Preparing for phone interviews: to-do list
Did you know that the number of job interviews that take place online or over the phone have increased significantly since the Corona pandemic? With that, preparing for a job interview has changed, and job seekers are wondering what preparing for a phone interview entails. Usually, the goal of the conversation is to see if your background and first impressions are eligible for the next round of the application process.
Nearly all the info on how to prepare for an interview in this article is still relevant. However, preparing for a phone interview requires a slightly different approach than for a face-to-face interview (whether in real life or online). So here’s what to do:
- Wear your comfiest outfit
Whether that means you’re in your unwashed pj’s, a school uniform, or your fanciest outfit; the interviewer can’t see you, so wear whatever makes you feel confident.
- Eliminate background noise
There’s nothing worse than a phone call where the other party can’t focus on you, so switch off that nostalgic playlist, feed your kids/pets/roommates, and close your door.
- Organise your setup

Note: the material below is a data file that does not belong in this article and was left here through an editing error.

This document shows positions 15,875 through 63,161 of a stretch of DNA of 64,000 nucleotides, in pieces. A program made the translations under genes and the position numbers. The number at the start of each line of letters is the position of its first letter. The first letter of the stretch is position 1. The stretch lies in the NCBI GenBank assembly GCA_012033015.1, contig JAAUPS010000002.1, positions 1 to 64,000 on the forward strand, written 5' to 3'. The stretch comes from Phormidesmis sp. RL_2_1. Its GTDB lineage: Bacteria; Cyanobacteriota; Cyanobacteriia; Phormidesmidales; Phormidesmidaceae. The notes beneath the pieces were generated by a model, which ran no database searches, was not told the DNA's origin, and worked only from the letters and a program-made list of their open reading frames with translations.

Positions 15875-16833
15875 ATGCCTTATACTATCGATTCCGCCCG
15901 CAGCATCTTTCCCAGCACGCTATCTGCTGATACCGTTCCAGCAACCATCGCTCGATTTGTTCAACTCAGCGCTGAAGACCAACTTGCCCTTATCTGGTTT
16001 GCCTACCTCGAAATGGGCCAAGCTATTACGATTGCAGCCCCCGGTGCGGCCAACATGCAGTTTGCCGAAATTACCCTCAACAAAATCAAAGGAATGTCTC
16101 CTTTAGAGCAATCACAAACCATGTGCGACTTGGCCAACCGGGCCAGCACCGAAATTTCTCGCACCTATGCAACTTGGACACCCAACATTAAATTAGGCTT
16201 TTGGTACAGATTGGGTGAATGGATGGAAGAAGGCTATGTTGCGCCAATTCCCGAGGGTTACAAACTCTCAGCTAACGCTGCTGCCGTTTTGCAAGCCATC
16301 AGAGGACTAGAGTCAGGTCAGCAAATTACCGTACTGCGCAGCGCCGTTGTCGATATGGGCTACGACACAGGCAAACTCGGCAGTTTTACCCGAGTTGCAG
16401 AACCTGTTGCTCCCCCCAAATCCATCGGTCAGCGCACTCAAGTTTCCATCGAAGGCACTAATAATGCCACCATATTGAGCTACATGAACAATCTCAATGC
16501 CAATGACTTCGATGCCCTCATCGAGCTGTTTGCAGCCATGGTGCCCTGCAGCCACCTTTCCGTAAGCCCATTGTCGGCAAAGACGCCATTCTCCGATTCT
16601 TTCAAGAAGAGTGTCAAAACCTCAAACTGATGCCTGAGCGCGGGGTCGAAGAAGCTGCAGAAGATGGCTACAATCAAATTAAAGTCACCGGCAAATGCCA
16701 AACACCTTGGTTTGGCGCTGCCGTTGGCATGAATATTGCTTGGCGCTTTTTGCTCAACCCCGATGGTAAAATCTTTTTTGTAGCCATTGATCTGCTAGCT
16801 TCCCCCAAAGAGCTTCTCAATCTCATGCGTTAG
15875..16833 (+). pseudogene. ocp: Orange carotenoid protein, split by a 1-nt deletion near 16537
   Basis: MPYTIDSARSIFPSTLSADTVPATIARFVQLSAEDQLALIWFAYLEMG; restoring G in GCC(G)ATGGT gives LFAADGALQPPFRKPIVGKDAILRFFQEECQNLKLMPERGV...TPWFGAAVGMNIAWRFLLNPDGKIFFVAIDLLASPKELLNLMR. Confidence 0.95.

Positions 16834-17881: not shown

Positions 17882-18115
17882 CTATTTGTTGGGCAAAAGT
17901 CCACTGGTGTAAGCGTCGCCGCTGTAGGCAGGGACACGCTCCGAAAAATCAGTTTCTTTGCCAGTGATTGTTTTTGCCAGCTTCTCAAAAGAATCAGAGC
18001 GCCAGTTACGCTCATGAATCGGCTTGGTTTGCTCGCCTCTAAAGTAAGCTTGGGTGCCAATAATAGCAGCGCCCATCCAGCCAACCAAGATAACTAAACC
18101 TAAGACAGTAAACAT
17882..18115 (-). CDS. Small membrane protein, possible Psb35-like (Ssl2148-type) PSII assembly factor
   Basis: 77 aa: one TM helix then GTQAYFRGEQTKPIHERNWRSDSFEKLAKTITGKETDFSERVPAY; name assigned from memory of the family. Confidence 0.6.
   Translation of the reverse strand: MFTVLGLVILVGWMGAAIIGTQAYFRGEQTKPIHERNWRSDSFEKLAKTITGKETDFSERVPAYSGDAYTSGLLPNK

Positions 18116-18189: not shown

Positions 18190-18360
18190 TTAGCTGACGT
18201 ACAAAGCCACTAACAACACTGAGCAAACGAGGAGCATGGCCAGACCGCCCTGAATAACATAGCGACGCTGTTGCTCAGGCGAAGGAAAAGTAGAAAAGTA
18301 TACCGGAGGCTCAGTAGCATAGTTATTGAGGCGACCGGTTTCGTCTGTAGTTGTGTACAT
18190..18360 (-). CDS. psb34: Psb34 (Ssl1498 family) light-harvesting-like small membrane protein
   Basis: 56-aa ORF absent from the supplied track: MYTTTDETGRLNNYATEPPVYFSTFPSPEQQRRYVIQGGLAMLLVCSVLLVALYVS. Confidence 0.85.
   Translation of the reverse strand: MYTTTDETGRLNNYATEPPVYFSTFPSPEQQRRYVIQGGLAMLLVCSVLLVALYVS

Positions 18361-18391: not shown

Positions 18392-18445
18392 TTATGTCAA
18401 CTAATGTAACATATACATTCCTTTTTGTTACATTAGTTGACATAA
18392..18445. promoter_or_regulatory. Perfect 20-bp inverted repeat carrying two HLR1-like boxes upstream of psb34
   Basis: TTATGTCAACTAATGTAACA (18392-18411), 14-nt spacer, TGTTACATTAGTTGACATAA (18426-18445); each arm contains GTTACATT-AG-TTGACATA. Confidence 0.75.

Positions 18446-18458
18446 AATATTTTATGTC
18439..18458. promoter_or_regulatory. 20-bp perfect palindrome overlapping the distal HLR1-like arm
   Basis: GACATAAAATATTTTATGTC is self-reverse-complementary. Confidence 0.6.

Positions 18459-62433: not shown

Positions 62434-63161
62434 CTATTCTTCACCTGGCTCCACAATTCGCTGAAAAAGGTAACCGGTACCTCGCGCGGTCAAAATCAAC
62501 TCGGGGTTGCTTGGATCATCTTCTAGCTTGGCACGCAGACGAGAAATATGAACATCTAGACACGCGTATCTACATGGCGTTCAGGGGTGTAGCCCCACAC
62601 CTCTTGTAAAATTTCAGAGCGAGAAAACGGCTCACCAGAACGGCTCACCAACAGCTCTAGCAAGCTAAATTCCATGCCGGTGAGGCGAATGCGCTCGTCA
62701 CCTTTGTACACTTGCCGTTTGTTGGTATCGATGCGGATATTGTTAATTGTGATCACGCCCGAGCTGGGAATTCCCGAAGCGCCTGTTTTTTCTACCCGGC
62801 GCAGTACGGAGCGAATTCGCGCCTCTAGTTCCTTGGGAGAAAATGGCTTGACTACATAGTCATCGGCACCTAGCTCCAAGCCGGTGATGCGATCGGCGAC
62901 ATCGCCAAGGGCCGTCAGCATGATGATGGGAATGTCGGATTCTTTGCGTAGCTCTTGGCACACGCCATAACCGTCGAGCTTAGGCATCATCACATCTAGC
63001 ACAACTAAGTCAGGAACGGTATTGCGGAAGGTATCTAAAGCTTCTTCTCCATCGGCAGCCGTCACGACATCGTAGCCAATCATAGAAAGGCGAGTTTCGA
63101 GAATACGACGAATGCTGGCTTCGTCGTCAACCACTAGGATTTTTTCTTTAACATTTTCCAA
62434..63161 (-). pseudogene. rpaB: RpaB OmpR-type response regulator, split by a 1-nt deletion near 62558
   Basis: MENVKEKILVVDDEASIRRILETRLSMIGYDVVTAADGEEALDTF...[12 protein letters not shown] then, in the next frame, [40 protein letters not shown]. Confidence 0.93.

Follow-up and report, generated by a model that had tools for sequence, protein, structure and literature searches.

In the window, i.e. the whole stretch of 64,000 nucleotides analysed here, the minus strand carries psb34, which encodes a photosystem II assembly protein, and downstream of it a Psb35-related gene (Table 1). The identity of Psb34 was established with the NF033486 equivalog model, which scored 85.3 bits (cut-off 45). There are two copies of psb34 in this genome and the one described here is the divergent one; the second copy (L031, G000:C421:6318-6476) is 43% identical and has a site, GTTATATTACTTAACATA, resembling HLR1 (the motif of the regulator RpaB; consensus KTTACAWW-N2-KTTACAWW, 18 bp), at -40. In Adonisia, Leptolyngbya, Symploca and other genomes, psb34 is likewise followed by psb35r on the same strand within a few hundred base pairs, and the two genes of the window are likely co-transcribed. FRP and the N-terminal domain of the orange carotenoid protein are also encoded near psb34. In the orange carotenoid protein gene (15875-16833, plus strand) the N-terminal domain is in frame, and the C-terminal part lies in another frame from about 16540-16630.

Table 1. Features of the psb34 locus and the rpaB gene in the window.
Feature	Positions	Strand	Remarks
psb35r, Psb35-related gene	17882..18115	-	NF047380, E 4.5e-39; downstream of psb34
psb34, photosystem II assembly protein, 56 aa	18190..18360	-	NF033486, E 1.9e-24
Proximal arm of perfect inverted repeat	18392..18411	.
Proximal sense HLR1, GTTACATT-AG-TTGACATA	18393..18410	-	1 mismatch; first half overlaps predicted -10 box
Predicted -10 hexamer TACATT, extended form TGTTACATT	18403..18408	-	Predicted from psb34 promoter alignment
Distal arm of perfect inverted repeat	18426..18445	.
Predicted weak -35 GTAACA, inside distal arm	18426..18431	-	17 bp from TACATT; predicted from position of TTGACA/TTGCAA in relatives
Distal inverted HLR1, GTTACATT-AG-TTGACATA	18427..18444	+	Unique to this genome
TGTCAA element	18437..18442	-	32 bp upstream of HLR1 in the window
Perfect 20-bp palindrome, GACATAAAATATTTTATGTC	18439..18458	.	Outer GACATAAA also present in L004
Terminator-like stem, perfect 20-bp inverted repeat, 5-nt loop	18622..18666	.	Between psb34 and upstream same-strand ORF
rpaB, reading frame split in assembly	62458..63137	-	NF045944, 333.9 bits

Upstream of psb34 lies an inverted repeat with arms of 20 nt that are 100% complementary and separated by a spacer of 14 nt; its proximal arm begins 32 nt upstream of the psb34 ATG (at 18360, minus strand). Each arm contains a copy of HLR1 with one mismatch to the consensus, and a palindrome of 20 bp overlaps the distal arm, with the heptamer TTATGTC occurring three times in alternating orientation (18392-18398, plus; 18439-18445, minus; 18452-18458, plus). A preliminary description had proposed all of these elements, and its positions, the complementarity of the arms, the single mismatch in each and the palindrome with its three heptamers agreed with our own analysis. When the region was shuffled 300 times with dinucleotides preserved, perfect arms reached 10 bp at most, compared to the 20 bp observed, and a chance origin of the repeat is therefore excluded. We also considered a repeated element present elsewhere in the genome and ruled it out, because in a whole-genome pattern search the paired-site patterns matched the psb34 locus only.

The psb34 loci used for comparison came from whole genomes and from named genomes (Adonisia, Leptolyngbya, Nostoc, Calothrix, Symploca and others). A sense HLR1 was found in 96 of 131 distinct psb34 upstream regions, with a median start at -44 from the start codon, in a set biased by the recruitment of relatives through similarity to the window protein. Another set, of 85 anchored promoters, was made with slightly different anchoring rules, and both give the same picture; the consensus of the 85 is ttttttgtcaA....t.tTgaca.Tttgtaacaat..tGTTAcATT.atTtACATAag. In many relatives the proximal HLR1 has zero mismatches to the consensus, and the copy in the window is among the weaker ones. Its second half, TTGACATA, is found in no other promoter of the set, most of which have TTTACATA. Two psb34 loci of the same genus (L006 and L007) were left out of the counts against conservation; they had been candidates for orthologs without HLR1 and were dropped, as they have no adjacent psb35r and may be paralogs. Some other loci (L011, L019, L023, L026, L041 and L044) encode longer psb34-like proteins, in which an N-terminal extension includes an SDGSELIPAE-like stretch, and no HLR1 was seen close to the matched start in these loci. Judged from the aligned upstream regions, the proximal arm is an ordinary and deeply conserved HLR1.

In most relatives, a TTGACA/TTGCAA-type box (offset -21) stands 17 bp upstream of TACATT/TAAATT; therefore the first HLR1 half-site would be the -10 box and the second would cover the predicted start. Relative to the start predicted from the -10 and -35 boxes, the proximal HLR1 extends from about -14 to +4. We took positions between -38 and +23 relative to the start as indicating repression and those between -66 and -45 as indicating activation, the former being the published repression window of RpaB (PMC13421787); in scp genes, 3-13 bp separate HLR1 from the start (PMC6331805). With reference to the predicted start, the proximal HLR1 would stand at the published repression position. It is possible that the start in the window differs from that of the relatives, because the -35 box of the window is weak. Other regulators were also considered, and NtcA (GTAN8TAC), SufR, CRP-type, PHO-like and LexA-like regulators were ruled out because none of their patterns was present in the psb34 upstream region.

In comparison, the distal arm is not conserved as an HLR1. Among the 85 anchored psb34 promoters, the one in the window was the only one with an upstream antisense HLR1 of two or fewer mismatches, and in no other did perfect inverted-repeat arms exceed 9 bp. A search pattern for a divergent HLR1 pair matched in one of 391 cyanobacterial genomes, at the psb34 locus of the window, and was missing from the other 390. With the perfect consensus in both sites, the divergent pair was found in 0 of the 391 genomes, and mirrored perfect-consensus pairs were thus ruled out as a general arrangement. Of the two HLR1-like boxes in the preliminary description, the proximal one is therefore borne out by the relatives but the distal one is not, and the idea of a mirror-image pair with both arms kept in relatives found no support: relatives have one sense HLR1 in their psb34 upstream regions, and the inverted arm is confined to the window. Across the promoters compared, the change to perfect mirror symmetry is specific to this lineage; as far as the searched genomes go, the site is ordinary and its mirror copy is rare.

Make sure everything you may need is within arm’s length of your seat; a pen and paper to take notes, your laptop with the employer’s website, a list of questions and a glass of water.
- Speak before the call
Especially if your interview is right after you wake up; you don’t want to greet your (potential) new employer with a crusty morning voice, so talk to your neighbour, sing at the top of your lungs, or recreate the phone call beforehand to warm up your voice.
- Check your phone reception
And move to another location if your signal is anything less than perfect; it’s not going to be smooth sailing if it sounds like you planned to take the phone call from an underground bunker, or a tunnel on the highway.
Remember these 3 things when preparing for a job interview
Do you feel confident about preparing for a job interview? Or, are you still nervous and slightly overwhelmed? No worries. because either way is completely normal. Truth is, not all applicants care as much about getting it right as you do. How do we know? Because, unlike others, you’re here, searching for the best way to prepare for an interview. So one thing is for sure: you’re on the right track.
Use this article as a guide when you’re preparing for a job interview, and remember the three most important things:
- Job interviewers have usually done this before, so simply copying ‘perfect’ answers to job interview questions won’t cut it. Think of a personal story or example that connects you to the brand.
- Weaknesses aren’t weak, especially when you state that (or how) you want to improve them. Be as honest as you can be while staying professional.
- If you don’t get the job, don’t worry. Each job interview counts as preparation and will help you ace the next one.
Ready to ace your (online) interview and get that job? Or do you still have a question about how to prepare for an interview? We answer the most frequently asked (interview) questions, so make sure you have a peek at those.